President Trump made what his opponents called a stunning admission during an ABC interview Wednesday: He said he would consider accepting damaging information on his 2020 rivals from foreign governments. "I think I'd take it," the president told George Stephanopoulos. "I think you might want to listen, there isn't anything wrong with listening," Trump said. "If somebody called from a country, Norway, 'We have information on your opponent'—oh, I think I'd want to hear it." He rejected the suggestion that the information would be "interference" and said he would "maybe" go to the FBI if he thought there was "something wrong." But "when you go and talk, honestly, to congressman, they all do it, they always have, and that's the way it is," Trump claimed. "It's called oppo research."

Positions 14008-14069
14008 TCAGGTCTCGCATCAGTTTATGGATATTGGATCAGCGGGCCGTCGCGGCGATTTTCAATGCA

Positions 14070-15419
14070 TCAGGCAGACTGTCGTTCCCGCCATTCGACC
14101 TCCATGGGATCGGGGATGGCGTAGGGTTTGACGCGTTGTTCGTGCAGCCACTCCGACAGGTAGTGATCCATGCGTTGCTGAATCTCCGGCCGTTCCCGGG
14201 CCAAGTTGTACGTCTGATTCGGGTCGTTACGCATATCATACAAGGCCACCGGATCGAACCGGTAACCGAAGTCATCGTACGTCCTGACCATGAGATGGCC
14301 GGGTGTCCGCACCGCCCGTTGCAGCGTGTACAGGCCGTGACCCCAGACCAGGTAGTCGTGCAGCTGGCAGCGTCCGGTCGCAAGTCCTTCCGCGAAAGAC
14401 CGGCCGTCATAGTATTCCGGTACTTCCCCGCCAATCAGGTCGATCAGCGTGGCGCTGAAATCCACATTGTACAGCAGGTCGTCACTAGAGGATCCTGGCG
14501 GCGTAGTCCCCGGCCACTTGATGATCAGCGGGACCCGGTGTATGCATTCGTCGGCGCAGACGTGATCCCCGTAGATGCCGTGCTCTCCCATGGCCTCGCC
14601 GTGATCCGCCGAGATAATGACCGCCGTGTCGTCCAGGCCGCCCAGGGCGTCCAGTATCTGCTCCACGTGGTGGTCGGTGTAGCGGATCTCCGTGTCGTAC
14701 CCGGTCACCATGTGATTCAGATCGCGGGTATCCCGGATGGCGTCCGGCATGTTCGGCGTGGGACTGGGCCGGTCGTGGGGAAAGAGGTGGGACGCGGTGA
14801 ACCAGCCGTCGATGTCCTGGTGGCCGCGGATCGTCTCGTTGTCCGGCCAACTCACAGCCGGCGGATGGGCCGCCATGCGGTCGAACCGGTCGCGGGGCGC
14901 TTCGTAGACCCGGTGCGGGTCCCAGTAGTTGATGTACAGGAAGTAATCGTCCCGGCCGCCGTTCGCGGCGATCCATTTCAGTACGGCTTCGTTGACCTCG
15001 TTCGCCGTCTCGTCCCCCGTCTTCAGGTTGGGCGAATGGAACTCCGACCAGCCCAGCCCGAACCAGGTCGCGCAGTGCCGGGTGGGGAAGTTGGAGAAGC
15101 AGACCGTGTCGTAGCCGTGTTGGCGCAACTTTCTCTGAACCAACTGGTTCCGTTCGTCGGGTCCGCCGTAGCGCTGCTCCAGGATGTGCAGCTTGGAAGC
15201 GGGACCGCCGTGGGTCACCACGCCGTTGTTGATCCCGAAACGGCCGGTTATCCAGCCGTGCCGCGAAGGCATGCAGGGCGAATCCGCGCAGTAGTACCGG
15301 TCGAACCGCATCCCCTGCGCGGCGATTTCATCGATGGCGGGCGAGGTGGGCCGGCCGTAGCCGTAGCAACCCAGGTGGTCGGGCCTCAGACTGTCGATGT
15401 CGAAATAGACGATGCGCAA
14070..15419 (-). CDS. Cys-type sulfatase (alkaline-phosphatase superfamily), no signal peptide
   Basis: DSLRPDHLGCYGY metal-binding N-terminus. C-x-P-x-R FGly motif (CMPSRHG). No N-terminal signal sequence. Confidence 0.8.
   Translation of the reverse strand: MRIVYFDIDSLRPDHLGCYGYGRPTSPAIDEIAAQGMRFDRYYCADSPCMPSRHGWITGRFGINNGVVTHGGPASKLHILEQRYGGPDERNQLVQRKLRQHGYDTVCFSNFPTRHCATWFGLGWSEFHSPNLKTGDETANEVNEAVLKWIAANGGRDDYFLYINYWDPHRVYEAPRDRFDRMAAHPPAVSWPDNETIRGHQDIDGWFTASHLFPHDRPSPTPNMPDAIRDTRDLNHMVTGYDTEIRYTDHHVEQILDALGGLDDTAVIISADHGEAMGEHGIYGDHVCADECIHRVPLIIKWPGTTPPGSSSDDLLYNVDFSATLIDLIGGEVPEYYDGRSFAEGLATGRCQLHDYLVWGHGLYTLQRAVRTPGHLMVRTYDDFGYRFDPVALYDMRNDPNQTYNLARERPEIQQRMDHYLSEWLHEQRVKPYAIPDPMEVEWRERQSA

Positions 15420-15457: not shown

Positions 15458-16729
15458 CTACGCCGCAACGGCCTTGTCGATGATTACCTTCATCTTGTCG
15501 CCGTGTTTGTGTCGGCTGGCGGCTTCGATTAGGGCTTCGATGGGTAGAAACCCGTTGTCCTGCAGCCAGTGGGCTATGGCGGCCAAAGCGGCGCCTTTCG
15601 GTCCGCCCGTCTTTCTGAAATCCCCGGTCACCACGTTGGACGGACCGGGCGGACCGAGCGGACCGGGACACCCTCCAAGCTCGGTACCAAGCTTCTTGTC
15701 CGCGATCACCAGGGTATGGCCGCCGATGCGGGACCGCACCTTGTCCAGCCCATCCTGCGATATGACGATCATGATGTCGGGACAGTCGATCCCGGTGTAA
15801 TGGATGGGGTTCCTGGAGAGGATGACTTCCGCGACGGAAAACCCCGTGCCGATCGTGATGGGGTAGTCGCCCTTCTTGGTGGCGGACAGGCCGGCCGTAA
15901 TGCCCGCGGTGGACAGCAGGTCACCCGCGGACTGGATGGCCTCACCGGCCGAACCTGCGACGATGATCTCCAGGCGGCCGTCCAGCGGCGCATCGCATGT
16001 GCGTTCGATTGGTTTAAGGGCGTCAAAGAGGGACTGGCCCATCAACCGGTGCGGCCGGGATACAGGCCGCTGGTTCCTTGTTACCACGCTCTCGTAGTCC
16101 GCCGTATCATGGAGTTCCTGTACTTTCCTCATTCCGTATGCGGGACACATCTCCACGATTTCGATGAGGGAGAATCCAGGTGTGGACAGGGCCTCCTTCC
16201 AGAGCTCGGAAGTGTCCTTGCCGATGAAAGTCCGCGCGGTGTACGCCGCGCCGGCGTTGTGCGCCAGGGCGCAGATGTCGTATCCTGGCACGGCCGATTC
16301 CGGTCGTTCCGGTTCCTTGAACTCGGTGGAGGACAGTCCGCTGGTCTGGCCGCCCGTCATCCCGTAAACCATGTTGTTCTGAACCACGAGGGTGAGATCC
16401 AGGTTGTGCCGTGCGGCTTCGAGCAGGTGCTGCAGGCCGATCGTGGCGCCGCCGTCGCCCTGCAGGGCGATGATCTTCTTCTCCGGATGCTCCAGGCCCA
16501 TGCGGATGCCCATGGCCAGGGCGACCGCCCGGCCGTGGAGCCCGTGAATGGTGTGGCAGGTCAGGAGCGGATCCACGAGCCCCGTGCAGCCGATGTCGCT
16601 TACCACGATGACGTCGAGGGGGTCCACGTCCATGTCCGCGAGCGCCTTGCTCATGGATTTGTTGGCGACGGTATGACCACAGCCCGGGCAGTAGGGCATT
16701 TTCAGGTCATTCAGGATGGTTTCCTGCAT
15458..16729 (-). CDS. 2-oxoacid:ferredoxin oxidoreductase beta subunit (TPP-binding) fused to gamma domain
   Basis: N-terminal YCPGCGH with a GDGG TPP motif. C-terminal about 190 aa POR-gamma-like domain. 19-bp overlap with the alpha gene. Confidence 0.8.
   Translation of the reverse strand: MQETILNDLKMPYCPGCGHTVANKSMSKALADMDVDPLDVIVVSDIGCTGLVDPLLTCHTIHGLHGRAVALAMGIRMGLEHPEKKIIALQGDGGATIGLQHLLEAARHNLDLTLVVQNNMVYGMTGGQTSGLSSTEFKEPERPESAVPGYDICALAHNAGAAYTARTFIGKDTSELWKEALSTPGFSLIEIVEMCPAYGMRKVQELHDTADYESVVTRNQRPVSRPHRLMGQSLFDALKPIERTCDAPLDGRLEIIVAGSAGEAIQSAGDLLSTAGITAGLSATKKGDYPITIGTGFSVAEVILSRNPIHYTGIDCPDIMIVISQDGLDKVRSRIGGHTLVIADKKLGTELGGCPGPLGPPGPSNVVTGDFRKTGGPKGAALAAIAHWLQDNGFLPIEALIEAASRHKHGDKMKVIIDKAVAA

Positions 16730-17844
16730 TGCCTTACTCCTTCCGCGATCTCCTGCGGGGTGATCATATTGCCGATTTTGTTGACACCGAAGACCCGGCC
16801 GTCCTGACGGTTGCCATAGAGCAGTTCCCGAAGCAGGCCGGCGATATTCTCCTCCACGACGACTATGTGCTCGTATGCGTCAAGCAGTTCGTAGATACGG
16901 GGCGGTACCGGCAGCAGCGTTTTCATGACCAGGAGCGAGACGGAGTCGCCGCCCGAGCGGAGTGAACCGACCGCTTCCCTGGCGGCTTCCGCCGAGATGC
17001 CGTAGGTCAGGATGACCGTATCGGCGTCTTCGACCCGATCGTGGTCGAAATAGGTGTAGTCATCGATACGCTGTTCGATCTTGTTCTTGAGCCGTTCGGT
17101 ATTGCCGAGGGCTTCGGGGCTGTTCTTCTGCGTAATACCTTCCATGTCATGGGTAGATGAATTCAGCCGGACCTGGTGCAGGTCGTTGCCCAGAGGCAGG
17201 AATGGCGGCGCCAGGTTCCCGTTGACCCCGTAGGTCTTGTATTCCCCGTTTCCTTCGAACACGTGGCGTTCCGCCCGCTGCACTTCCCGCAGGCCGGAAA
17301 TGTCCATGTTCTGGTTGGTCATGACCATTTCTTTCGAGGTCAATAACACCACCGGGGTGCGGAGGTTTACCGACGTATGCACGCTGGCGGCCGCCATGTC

When Stephanopoulos told him that FBI Director Chris Wray had said the bureau should be contacted in such a case, Trump said: "The FBI director is wrong, because frankly it doesn't happen like that in real life." Trump's remarks were swiftly condemned by potential 2020 rivals including Joe Biden, the BBC reports. Trump "is once again welcoming foreign interference in our elections," he tweeted. "This isn’t about politics. It is a threat to our national security." Former federal prosecutor David Weinstein tells Politico that Americans involved in elections have a "fundamental responsibility" to report contacts with foreign agents. (Read more President Trump stories.)